An old hospital built in the 1920s to be closed in the 1950s then practically abandoned in the 1980s which was bought in the early 1990s to be turned into the Grand Jerome Hotel. How could ANYONE not want to stay here!? This was the most exciting part of our route 89A road trip. The history at the Grand Jerome Hotel is shrouded in mystery and folklore. I could not wait to see what all the haunting was about.
Room 32 at Grand Jerome Hotel
Upon walking into the hotel, you feel the step back in time. Almost as if you step into an alternate timeline of 50 years ago. Upon checking in at the desk, I casually made a comment about asking for the most haunted room. The gentlemen checking me in tells me, “I got you” and hands me a key to room 32.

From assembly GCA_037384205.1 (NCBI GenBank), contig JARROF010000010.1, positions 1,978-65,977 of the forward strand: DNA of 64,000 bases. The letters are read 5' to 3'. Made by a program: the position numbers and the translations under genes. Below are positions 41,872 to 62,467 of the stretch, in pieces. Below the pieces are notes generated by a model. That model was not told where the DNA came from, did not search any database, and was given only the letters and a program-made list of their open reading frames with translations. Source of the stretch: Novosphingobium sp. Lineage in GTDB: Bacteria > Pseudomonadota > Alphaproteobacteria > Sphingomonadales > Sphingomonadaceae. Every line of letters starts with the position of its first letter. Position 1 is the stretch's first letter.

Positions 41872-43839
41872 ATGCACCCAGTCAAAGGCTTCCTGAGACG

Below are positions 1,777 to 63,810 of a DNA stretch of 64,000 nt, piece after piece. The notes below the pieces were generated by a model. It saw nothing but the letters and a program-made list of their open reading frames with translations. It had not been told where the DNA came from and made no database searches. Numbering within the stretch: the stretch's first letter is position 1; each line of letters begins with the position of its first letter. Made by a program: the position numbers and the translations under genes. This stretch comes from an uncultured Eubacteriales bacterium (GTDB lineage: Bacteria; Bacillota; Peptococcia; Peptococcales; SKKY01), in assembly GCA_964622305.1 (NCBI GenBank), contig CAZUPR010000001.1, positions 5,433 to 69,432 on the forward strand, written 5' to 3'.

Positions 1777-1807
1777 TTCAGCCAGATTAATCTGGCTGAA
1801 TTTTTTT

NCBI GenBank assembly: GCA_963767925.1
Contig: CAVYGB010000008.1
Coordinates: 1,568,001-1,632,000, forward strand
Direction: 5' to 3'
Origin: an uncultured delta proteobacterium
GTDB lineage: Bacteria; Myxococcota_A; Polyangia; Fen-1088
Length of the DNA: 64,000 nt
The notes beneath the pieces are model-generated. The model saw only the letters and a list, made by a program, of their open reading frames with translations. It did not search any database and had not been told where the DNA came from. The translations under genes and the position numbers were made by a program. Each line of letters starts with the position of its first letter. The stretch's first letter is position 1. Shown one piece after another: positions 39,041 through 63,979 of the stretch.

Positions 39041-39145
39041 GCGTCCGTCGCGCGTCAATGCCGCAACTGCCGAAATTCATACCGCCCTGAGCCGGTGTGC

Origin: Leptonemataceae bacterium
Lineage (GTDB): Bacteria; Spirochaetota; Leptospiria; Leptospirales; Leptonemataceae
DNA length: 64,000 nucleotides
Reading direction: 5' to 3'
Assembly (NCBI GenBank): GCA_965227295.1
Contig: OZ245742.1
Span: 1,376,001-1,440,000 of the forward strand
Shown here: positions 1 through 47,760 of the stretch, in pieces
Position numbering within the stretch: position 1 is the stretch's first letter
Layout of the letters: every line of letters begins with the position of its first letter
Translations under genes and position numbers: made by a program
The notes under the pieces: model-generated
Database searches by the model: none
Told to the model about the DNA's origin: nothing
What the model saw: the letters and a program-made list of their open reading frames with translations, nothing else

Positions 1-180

After taking the original self-service elevator to the third floor, we stepped out in an eerie hallway to our room. Upon opening the door, I realized with the nice balcony view overlooking the valley, this wasn’t the original room I ordered. We got upgraded and I was at first confused as to why. Then I opened my phone and did a quick online search for “Room 32 at Grand Jerome Hotel” and instantly realized the consequences of asking for the most haunted room.
Room 32, has a daunting history of two different suicides taking part in the room. One man jumped over the balcony while a business executive turned a gun on himself. The grim history has attracted ghost hunters from all over to want to stay in this room. Boy was I excited to spend a night in room 32.
Sadly, we heard nor saw anything. Previous accounts of heavy breathing, water faucets turning on, or rickety wheels going down the hall were not experienced in our visit. We set our phone to record all night while we slept, but they also turned out empty. Maybe next time we will get lucky making another visit!